Some elements may be essential conditions for a purchaser when buying an immovable, whether with respect to the development of a portion of a building in rental housing or the occupation of a portion of a residential building for commercial purposes.

However, municipalities have the power to restrict some of these uses through their regulations, including zoning and construction, which are public law restrictions.

Article 1725 of the Civil Code of Québec provides that the seller of an immovable provides the buyer with a warranty against any violation of public law restrictions affecting the property, which are exceptions to the ordinary law of ownership.

In order to eliminate their liability under this article, it is common for sellers of an immovable property to include a specific clause in the deed of sale to the effect that the purchasers declare having verified with the relevant authorities that the intended use of the immovable complies with the laws and regulations in force.

Plagued with warranty claims brought by purchasers against their sellers, the courts have frequently ruled on the application of this type of clause, particularly since the parties may, in their contracts, add to the obligations of legal warranty, diminish its effects or exclude it altogether.

In this context, the courts have held that exclusion of liability clauses in relation to violation of public law restrictions were valid, but only to the extent that the seller had acted in good faith and was unaware of the violation of a public law restriction. Moreover, the courts developed and applied a presumption that a purchaser has the right to presume that the immovable, as constructed and as occupied at the time it is acquired, complies with all applicable regulations.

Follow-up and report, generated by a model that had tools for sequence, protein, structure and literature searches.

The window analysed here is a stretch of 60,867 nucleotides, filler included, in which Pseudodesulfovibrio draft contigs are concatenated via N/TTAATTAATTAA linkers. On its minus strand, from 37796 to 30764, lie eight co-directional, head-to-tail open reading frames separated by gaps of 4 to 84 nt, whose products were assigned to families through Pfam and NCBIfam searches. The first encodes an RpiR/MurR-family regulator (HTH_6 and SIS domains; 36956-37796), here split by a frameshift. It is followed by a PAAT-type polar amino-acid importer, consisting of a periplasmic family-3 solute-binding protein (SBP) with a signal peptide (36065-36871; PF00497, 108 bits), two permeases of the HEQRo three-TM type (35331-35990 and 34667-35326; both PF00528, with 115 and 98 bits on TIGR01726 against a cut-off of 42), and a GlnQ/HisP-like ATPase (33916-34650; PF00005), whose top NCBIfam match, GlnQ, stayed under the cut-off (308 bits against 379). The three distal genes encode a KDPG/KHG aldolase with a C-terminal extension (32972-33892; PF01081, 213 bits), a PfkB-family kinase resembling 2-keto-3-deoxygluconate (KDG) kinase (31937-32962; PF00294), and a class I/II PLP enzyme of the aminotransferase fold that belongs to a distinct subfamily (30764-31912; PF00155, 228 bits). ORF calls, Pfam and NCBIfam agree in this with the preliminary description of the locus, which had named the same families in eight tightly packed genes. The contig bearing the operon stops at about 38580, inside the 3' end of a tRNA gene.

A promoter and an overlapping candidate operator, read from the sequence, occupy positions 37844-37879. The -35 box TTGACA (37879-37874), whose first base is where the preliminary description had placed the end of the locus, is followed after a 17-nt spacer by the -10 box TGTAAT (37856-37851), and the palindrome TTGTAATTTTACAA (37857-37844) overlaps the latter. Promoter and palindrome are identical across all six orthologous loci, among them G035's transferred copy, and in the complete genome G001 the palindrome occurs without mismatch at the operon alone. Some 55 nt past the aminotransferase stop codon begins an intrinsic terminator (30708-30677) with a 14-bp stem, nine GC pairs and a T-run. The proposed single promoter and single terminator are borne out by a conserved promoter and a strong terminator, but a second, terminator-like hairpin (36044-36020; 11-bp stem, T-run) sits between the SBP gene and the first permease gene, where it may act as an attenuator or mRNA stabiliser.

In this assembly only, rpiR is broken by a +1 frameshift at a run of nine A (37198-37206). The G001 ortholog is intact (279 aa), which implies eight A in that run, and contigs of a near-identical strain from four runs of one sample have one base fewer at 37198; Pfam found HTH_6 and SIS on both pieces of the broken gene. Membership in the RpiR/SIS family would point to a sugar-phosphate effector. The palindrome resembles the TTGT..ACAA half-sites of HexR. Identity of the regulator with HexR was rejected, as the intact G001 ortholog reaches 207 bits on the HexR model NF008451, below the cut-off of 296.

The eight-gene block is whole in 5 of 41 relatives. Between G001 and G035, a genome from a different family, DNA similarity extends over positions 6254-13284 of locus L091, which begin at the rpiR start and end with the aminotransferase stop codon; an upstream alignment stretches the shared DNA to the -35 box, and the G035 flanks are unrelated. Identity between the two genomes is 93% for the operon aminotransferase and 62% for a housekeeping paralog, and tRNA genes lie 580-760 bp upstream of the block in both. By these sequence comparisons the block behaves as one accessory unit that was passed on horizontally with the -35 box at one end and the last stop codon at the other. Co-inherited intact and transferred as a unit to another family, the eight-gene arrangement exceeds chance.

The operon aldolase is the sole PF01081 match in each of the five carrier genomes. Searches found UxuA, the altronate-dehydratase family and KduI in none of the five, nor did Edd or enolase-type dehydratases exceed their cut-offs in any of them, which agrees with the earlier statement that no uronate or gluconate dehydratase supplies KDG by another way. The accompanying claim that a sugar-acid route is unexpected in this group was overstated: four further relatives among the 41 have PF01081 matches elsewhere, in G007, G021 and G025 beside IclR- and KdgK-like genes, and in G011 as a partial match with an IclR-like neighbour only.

However, in 2014 in the case of Vezina v. Lamoureux [1], the Court of Appeal decided to dismiss the exclusion of liability clause without necessarily ruling on the good or bad faith of the seller and instead preferred to apply the presumption mentioned above.

While some judgments followed the framework established by the Court of Appeal in 2014, which did not take into account the notion of good or bad faith of the seller, others preferred to depart from it by continuing to analyze the seller’s conduct (i.e. whether he had been guilty of fraud, reluctant to elaborate or lied). Under this latter case law [2], when a purchaser undertakes to verify with the relevant authorities that the intended use of the immovable complies with the laws and regulations in force, he is deemed to renounce to the guarantee against his seller, depending on the good or bad faith of the latter.

There appears to be some jurisprudential controversy as to the application of the notion of bad faith in the courts’ analysis of the exclusion of liability clauses in the context of violations of public law restrictions. That being said, these clauses must be carefully analyzed in light of their wording and the circumstances of each case. Parties involved in a real estate transaction should therefore pay particular attention to these clauses so that their interests are sufficiently protected and to ensure that their true intention is reflected.

By Mathieu Tremblay

[1] Vézina v. Lamoureux, 2014 QCCA 1462.

[2] Tougas v. Malo, 2018 QCCS 4952; Bélanger v. Girard, 2017 QCCQ 8762; Roy v. Belzile, 2008 QCCS 80.